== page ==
Frequently Asked Questions

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How often should you clean your HVAC system?

There are quite a few things to consider when deciding how often you clean your system, homeowner preference being one of the primary reasons. Some of the things that might help you decide to clean on a much more frequent basis are if you have smokers in your house, heavy shedding pets, or any damage or water contamination in the system or home itself. Other reasons include, but aren’t limited to, people living in the home with asthma or allergies that would benefit from the lower contaminants, after a renovation/remodel, or before moving into a new home.

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How long does an HVAC air duct cleaning usually take?

The time to clean an HVAC system can vary based on many factors such as the size of the home, how many systems you have, how bad the contamination is, and the number of cleaners on the job. Check with multiple air duct cleaning contractors for estimates on your duct cleaning, asking for their estimate on how long the cleaning will take. This will give you an idea of how long the cleaning should take, it will also allow you to gauge how thorough the contractor will be while doing the duct cleaning.

How do you clean an HVAC system?

The best way to clean ducts and ventilation systems is by using the Source Removal method to clean your system. You need an air duct cleaning contractor for this job. They complete it by using a special, high power vacuum that places negative pressure on the system. The vacuum sucks air through the system while devices are fed through the ducts to knock debris loose from the interior surfaces. Once loose, the debris runs down through the air ducts until it hits the vacuum, taking it out of the system, leaving the home clean.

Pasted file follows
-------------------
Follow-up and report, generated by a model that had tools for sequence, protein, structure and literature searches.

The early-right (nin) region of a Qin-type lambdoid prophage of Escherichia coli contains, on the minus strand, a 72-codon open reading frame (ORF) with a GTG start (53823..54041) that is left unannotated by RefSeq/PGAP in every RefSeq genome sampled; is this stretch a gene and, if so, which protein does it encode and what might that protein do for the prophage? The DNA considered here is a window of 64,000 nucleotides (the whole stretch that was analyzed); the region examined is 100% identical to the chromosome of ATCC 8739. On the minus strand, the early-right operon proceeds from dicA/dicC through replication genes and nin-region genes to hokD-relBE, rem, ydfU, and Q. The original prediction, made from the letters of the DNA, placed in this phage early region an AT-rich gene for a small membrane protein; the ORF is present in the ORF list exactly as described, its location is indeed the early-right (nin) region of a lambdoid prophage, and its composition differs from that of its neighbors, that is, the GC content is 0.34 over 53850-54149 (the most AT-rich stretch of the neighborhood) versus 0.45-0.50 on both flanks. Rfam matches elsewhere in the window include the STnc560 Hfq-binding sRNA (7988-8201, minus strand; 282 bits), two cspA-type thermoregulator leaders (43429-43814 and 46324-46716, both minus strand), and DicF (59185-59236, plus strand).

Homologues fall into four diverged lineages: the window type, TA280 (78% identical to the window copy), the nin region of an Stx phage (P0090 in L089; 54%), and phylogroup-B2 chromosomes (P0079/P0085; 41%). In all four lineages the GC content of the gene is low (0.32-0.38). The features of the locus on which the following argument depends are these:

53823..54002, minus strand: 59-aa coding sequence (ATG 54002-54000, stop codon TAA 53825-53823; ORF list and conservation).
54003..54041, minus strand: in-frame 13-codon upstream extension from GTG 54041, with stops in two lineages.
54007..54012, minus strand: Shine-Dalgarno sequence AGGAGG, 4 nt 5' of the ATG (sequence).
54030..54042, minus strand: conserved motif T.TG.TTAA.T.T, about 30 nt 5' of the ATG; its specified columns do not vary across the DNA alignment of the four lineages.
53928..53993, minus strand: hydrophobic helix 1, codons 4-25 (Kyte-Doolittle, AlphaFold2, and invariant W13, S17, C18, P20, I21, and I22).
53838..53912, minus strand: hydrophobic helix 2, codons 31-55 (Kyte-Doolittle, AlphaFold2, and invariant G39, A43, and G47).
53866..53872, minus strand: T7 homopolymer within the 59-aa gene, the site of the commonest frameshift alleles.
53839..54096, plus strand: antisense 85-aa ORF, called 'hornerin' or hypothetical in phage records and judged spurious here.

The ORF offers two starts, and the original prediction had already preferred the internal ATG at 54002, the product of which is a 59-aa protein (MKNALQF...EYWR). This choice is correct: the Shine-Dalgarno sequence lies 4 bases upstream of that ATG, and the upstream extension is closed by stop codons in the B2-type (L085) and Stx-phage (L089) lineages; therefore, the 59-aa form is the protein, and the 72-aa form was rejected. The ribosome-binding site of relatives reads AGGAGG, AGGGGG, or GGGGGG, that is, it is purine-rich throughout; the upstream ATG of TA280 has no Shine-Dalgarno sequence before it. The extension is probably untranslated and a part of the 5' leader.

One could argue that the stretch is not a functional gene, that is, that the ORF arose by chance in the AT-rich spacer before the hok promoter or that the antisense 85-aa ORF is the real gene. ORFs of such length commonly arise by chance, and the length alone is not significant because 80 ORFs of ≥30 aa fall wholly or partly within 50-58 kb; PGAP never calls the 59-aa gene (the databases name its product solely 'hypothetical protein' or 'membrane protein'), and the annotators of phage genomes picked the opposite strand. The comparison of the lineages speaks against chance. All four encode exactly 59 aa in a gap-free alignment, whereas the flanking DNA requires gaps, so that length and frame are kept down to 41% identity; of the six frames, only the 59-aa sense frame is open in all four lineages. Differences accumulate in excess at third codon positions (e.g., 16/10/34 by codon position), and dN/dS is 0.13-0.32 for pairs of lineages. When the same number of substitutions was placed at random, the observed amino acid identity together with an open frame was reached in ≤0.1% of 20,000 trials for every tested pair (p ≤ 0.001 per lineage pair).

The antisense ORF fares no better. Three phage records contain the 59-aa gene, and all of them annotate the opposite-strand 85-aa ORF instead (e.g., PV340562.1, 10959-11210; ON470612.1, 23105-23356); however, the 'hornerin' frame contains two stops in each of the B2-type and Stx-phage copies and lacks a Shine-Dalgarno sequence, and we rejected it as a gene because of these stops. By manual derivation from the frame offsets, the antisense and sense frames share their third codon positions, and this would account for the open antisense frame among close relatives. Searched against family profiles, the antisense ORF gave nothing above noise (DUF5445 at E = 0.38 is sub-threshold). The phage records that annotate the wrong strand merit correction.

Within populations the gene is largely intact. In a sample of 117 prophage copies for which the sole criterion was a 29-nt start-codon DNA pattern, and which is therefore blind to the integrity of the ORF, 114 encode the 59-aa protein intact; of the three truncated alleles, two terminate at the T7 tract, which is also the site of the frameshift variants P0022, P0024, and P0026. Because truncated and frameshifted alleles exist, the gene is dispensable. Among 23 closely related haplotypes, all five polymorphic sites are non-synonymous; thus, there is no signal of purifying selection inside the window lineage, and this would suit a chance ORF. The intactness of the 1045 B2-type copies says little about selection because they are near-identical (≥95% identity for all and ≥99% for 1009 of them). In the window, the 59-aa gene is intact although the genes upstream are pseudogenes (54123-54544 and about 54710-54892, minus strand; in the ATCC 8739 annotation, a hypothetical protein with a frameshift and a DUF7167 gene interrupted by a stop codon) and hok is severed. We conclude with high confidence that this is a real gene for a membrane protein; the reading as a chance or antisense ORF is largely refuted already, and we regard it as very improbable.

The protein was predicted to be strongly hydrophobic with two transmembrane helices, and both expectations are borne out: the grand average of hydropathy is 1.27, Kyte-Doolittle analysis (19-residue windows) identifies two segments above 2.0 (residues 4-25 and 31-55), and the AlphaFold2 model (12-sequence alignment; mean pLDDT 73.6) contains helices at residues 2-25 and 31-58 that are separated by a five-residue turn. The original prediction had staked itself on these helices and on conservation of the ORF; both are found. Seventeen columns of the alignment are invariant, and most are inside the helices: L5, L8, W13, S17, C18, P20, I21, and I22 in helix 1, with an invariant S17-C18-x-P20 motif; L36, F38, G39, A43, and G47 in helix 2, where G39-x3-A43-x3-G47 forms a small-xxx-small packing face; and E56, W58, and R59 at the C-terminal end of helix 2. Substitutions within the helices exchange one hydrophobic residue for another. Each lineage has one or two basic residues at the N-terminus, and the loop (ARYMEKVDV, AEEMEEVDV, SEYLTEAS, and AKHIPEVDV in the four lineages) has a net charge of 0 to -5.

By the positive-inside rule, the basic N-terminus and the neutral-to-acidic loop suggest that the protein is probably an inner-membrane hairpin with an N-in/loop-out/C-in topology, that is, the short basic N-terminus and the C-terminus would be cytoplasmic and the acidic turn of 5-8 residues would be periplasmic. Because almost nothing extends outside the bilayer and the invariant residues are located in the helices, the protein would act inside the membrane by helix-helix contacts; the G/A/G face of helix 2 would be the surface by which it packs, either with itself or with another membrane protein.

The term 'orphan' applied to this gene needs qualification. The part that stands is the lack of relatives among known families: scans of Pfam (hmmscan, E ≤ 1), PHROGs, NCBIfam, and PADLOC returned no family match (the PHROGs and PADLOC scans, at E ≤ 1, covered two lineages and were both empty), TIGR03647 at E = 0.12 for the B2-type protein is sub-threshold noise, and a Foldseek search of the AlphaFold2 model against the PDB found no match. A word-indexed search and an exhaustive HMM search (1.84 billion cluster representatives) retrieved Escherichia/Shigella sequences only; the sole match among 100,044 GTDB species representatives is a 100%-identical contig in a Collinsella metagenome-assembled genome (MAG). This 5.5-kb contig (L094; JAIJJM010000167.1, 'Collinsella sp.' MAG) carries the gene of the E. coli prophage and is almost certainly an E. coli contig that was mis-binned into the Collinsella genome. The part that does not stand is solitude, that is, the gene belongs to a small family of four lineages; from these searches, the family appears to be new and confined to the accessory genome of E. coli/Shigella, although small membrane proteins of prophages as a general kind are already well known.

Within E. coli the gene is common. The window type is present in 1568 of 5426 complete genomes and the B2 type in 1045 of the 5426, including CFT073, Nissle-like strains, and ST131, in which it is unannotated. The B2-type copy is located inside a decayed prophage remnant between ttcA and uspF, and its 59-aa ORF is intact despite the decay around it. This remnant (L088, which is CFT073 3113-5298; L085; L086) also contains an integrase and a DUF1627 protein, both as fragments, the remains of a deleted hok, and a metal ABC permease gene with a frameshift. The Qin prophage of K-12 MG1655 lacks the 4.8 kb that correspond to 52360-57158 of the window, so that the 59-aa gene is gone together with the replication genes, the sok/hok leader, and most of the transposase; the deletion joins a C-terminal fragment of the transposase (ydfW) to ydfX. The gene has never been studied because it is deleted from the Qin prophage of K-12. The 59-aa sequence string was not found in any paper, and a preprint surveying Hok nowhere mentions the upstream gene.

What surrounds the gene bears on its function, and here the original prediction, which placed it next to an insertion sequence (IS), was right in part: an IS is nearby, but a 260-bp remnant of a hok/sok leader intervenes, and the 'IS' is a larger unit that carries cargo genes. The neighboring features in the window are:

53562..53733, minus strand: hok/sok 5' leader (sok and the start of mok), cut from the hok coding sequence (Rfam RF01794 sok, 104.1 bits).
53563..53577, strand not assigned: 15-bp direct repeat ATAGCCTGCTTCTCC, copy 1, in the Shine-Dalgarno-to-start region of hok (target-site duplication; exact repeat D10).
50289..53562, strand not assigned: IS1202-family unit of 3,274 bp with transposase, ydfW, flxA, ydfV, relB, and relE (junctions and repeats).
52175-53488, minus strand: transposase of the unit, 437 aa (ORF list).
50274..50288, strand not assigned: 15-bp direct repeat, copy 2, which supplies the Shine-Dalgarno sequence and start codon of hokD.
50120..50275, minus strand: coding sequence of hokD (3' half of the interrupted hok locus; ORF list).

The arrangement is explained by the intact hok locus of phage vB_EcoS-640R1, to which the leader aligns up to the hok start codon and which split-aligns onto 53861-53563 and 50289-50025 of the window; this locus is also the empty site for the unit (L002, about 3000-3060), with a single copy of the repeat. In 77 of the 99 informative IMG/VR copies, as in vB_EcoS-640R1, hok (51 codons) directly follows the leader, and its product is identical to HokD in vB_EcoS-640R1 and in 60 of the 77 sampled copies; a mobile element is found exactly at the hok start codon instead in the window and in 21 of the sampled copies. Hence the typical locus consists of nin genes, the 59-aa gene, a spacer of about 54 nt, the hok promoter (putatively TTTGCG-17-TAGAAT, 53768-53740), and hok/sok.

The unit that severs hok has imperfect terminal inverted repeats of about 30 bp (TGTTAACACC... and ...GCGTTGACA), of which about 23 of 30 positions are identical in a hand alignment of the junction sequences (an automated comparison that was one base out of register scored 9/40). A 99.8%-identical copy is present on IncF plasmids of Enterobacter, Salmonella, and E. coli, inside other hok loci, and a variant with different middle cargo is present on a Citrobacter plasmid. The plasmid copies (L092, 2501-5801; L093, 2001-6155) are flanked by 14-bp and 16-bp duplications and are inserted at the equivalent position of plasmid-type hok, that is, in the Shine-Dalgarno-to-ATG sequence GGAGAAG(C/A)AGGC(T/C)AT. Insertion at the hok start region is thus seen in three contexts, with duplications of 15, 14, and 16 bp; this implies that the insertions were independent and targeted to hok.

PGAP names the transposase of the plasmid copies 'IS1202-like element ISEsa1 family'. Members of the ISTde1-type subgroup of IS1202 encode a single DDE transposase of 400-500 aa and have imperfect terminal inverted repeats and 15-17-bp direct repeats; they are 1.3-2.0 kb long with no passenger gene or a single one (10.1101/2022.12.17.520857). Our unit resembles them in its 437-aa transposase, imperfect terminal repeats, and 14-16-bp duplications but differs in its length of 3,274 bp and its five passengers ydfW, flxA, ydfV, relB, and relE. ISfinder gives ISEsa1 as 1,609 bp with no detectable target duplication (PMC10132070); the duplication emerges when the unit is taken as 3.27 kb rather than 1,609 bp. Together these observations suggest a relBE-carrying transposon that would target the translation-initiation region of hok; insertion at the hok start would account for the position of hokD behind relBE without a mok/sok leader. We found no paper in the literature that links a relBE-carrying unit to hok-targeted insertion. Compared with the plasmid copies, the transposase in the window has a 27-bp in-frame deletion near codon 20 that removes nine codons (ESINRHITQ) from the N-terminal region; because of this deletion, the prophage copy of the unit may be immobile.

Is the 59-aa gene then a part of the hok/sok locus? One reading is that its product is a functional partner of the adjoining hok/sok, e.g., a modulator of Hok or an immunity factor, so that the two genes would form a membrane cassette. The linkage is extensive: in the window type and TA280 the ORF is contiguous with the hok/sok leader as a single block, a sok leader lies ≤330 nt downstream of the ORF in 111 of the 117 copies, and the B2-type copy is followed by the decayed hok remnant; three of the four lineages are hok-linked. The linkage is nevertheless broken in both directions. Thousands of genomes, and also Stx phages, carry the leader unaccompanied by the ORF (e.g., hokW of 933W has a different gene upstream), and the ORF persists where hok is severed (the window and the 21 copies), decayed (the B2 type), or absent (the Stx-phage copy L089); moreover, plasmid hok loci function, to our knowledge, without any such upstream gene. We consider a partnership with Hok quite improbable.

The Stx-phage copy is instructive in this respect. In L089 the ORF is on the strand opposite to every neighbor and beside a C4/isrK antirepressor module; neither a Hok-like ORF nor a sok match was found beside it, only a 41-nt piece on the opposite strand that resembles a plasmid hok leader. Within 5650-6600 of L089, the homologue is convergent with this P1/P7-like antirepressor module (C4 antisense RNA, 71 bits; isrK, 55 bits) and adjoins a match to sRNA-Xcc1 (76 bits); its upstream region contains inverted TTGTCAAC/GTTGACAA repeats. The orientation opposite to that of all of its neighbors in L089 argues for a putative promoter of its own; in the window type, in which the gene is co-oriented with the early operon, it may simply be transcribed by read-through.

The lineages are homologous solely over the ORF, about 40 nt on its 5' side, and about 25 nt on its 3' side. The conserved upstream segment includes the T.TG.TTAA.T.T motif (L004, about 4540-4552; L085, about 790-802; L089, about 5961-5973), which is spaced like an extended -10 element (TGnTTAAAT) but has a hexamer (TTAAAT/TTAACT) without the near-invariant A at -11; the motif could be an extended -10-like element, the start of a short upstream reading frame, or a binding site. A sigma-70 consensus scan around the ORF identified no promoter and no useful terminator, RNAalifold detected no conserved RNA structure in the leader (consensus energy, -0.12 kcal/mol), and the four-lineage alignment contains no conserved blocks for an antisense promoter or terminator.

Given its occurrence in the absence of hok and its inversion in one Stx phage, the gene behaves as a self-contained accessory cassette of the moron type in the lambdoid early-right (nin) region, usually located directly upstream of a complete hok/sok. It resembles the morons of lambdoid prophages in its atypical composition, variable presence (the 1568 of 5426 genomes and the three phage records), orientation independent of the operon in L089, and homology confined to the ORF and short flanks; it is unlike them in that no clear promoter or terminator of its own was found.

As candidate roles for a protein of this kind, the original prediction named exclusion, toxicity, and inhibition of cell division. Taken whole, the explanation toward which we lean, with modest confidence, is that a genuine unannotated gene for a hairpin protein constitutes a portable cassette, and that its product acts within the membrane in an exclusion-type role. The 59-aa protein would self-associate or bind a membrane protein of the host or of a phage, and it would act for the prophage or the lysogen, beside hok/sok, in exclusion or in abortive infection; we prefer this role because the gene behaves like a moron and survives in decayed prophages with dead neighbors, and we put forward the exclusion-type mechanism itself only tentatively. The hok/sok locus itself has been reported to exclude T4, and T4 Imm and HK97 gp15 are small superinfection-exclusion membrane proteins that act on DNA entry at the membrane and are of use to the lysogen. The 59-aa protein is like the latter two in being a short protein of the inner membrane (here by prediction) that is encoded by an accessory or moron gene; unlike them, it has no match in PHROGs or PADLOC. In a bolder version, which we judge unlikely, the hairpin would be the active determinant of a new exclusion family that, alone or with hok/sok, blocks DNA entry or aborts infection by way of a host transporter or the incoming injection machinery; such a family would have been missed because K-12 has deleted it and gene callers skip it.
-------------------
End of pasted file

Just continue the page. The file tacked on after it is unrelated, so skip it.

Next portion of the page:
How do you know if the air duct cleaning actually worked?

The best, and most obvious, way to tell if your air duct cleaning worked is by visually checking things out before and after the job is completed. If there is any visible sign of debris or dust in the ducts after the vacuum is done, then the cleaning shouldn’t be considered complete. You can check things out for yourself, but any good duct cleaning contractor will have tools available and will help you to inspect things. They should always follow a final cleaning checklist to make sure your ducts have been thoroughly cleaned.

What should be my criteria for choosing an air duct cleaner?

You should bring in multiple contractors and run them all through the wringer. You should request they come to your home and check your HVAC system before you allow them to quote you a price. There are a few qualifying questions you should use when you’re narrowing down the field of potential contractors:
  • Make sure the duct cleaning contractor you’re looking at is a member of the National Air Duct Cleaners Association (NADCA), and still in good standing with the association.
  • Make sure the company has been around long enough to actually have experience in the field.
  • Be certain that the company is licensed and insured.
  • Make sure they’re going to clean and visually inspect everything associated with your system.
  • Don’t fall for the “whole house specials” or any of the typical sales gimmicks.
  • Get references from neighbors and friends and make sure that the duct cleaning company has the proper equipment for the job.

What is the typical HVAC cleaning price range?

The EPA says that an HVAC system cleaning should range between $450 and $1000 based on services offered, the size of your system, how accessible the system is, your climate region, duct material, and how bad the contamination is in the area.

Be careful not to fall for companies promising major health benefits based on their air duct cleaning. You should also beware not to fall for the “blow-and-go” companies that are on the market. “Blow-and-go” companies typically do a poor job at a nominal fee, meaning you’ll miss out on most of the benefits of a clean HVAC system. These companies will try luring you into things that you don’t really need or slip in the bill to snake more money.

(If you ever come across one of these “blow-and-go” companies, report them to your local BBB in order to have something done about them.)